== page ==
Prime Minister Boris Johnson
London: United Kingdom Prime Minister Boris Johnson will visit Delhi next week where at a meeting with PM Narendra Modi he is expected to raise issues such as India buying Russian oil, the war in Ukraine and India’s recent voting patterns at the UN, as well as discuss progress on the UK-India FTA.
The UK is likely to try to pressure India to soften its ties with Russia but, like the US, is unlikely to succeed. The main outcome of the trip will be FTA progress and a defence deal but it is the optics that will count more. Johnson will hope to look like he is persuading India to shift sides and India will be able to give that appearance without sidelining Russia.
Johnson will be hoping for a concrete announcement to take the heat off the “Partygate” scandal — and that is expected to be both on how far the UK-India FTA negotiations have got, as well as a big announcement on a new UK-India defence and security partnership.
The main day will be April 22 in Delhi when there will be a ceremonial reception for Johnson and official engagements. There will also be a short visit to another state where Johnson will view “a successful UK-India collaboration”. There are no plans as yet for a business delegation to accompany Johnson.
Delhi is expected to clearly outline its position on Russia as India’s external affairs minister S. Jaishankar did in Washington DC this week. In the end it is likely both sides will respect the other’s position. Delhi is expected to raise the issue of Khalistani activism in Britain and the UK allowing the Punjab Referendum 2020 to take place on its soil, even though it has no legal status in India. Delhi will also express its frustration at outstanding extradition requests for high-profile fugitives like Nirav Modi and Vijay Mallya. Regional issues such as Afghanistan will also be discussed.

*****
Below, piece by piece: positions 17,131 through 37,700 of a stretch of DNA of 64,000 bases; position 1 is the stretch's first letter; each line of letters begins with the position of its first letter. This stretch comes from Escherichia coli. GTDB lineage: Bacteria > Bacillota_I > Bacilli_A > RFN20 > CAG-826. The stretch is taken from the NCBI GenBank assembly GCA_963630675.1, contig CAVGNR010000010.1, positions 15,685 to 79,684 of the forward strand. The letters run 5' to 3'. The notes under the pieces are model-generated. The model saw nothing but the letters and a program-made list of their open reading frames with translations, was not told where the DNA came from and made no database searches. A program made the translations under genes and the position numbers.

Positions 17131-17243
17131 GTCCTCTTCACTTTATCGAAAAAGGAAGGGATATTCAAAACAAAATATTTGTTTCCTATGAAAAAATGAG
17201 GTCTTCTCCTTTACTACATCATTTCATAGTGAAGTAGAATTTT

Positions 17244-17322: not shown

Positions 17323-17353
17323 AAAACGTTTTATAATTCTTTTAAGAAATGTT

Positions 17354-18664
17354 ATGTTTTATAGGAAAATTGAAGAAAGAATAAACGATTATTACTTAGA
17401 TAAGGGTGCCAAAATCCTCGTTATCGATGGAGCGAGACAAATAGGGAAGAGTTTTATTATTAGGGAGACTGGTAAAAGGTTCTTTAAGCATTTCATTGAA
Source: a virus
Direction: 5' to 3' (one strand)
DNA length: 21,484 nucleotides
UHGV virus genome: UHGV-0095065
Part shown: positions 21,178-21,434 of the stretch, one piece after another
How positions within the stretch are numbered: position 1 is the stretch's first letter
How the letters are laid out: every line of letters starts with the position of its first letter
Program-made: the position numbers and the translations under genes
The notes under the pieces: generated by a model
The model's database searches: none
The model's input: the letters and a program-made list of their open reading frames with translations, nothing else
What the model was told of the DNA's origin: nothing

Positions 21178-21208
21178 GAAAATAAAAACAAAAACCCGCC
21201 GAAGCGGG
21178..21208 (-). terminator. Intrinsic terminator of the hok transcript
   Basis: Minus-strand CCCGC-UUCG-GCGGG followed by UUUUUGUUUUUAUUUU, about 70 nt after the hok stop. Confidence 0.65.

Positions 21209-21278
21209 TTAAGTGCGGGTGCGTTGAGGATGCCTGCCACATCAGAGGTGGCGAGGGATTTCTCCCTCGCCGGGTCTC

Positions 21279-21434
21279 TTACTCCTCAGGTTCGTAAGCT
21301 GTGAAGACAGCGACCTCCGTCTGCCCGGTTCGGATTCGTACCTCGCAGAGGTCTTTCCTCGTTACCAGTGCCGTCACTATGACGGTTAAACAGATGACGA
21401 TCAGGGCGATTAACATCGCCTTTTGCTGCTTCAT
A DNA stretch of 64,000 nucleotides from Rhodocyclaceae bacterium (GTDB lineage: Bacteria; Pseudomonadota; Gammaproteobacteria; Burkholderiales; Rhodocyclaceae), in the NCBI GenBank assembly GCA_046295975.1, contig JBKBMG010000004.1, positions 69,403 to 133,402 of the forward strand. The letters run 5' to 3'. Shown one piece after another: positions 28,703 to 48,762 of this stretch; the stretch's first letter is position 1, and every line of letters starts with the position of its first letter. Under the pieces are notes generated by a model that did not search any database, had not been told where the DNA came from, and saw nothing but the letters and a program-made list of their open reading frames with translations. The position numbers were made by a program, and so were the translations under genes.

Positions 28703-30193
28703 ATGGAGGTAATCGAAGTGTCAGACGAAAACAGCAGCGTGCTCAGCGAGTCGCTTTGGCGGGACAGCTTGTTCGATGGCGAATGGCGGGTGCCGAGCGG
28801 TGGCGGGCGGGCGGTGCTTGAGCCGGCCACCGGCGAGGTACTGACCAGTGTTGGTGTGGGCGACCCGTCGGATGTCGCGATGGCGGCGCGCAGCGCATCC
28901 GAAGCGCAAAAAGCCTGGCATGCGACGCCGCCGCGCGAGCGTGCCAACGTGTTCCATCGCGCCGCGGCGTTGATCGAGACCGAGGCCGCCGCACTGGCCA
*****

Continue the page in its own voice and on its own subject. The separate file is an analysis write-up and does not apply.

The trip is expected to go well as Modi and Johnson get on well and Johnson has huge enthusiasm for India. It could not come at a better time for Johnson, who is hoping that success in the international arena will draw attention away from his slide in popularity at home.
India is actively seeking new defence partnerships that include technology transfers and allow India to create defence equipment with another country under its “Make in India” programme. Defence ties between the two nations have been growing ever since the UK announced its Indo-Pacific tilt in March 2021 and the subsequent visit of the UK carrier strike group to the region, which led to joint exercises with the Indian Navy and Indian Air Force. India will be able to increase its defence orders from the UK without turning away from its old ally Russia.
There are 26 chapters in the proposed UK-India FTA, four of which have already been agreed, though that does not include eliminating tariffs on Scotch whisky imports, a demand that seems important to the British. There has been significant progress in the remaining 22 chapters and there is every chance the FTA will be finalised by the end of the year. India, for its part, wants to see easier visa access for its citizens. The UK wants to speed up the return of illegal immigrants.
The 2030 Roadmap, a comprehensive document agreed between the two leaders in May 2021, will guide the talks. Delhi views the UK as a natural partner in a wide variety of areas, including healthcare, life sciences, technology, green growth and sustainable financing, and finds the UK nimbler and able to act faster since leaving the EU. The UK has been prioritising and intensifying engagement with India ever since Brexit. Modi and Johnson last met at COP 26 but this is the long-awaited PM-level visit from the UK, which has been cancelled twice, once because of Covid in the UK and then because of Covid in India.
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